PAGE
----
GK: Tell us about your leadership principles?
This is real simple – surround yourself with the most talented individuals around. Share your vision for constant, never-ending improvement. Be persistent as possible in your pursuit of excellence. Lead by example with a great attitude and constantly show appreciation for your teammates.
GK: What are some of the communication struggles?
We teach all of our team members that the members are always, right – they are the purpose of our work. I mean that's still a big customer service thing, correct? However often when the issues get to me, they're not always right. I've got to tell them no, I've got to tell them whether their behavior was unacceptable, or their kids’ clothing was inappropriate. I don't care what the trends are today, this is the dress code, and we're not changing it. Those situations are always most difficult, but we can’t lose focus that the club has certain standards and rules and they must be adhered to.
GK: Let's talk about Executive Chef Zach Bell.
I found Zach Bell at Café Boulud; Daniel Boulud had taken over the restaurant at the Brazillian Court Hotel in Palm Beach and Zach was his executive chef. My wife and I loved his food. I am probably not allowed to go to Boulud ever again! [laughs]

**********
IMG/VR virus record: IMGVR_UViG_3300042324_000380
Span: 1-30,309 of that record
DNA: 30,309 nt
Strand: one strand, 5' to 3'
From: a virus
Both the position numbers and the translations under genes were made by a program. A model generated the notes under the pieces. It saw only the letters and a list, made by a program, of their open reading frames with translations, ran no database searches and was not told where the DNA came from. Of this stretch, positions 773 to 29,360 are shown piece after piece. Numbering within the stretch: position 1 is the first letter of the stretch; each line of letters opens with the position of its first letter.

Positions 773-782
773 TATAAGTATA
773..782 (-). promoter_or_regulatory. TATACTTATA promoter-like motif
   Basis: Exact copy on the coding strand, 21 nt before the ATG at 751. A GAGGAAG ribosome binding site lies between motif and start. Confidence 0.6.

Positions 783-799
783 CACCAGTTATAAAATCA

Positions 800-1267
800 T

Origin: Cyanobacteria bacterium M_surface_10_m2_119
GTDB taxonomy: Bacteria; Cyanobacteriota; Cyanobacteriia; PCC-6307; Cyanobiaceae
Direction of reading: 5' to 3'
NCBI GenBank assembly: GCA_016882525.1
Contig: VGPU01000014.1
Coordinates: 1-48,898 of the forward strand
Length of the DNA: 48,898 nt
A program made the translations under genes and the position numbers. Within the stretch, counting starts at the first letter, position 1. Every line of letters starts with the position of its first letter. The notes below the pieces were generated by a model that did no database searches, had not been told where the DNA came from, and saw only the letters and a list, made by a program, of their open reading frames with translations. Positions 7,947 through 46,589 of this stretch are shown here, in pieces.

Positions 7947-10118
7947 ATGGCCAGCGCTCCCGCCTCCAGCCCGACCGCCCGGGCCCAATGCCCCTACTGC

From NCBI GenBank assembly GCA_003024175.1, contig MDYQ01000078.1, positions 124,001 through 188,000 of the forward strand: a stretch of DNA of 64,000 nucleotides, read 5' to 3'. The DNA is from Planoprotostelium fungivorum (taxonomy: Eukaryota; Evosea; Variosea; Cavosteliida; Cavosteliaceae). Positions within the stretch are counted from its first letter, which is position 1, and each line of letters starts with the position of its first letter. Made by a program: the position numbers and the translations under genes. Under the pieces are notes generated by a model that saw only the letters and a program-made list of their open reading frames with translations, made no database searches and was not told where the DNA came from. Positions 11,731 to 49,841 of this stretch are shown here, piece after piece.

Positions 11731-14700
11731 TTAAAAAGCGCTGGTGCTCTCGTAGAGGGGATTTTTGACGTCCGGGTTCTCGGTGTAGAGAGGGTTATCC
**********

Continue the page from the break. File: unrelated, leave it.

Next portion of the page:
Since hiring Zach, it's been an incredible ride for all of us here. We've changed the dining landscape at Addison Reserve together for the better. His innovative menus have been something almost unheard of in the club the industry. Frequent menu changes, pop-up events, and traditional chef dinners round out a round out a full dining experience for our members. Zach is the most talented chef I have ever worked alongside of.
Zach is a workaholic, and like every executive chef works a great number of hours, especially during the season. Cooking was his entire life when he was in the restaurant world. He had no hobbies or time to develop any outside interests. We pushed him on that, and now he has a life outside of here as well. I understand how you can be so involved in your profession, but now when he goes home, he can find that balance. He’s finally had a chance to embrace the joy of living in South Florida and in his spare hours, you’ll likely find him enjoying the ocean, his backyard fire pit for cooking, of course, his dogs and his wife, Jennifer, who shares his passion for the culinary arts.
You can read more about Executive Chef Zach Bell in a future edition of Golf Kitchen Magazine and also in the second Golf Kitchen Cook Book, coming 2019.
The clubhouse at Addison Reserve Country Club, Delray Beach, Florida, USA. Image courtesy Addison Reserve.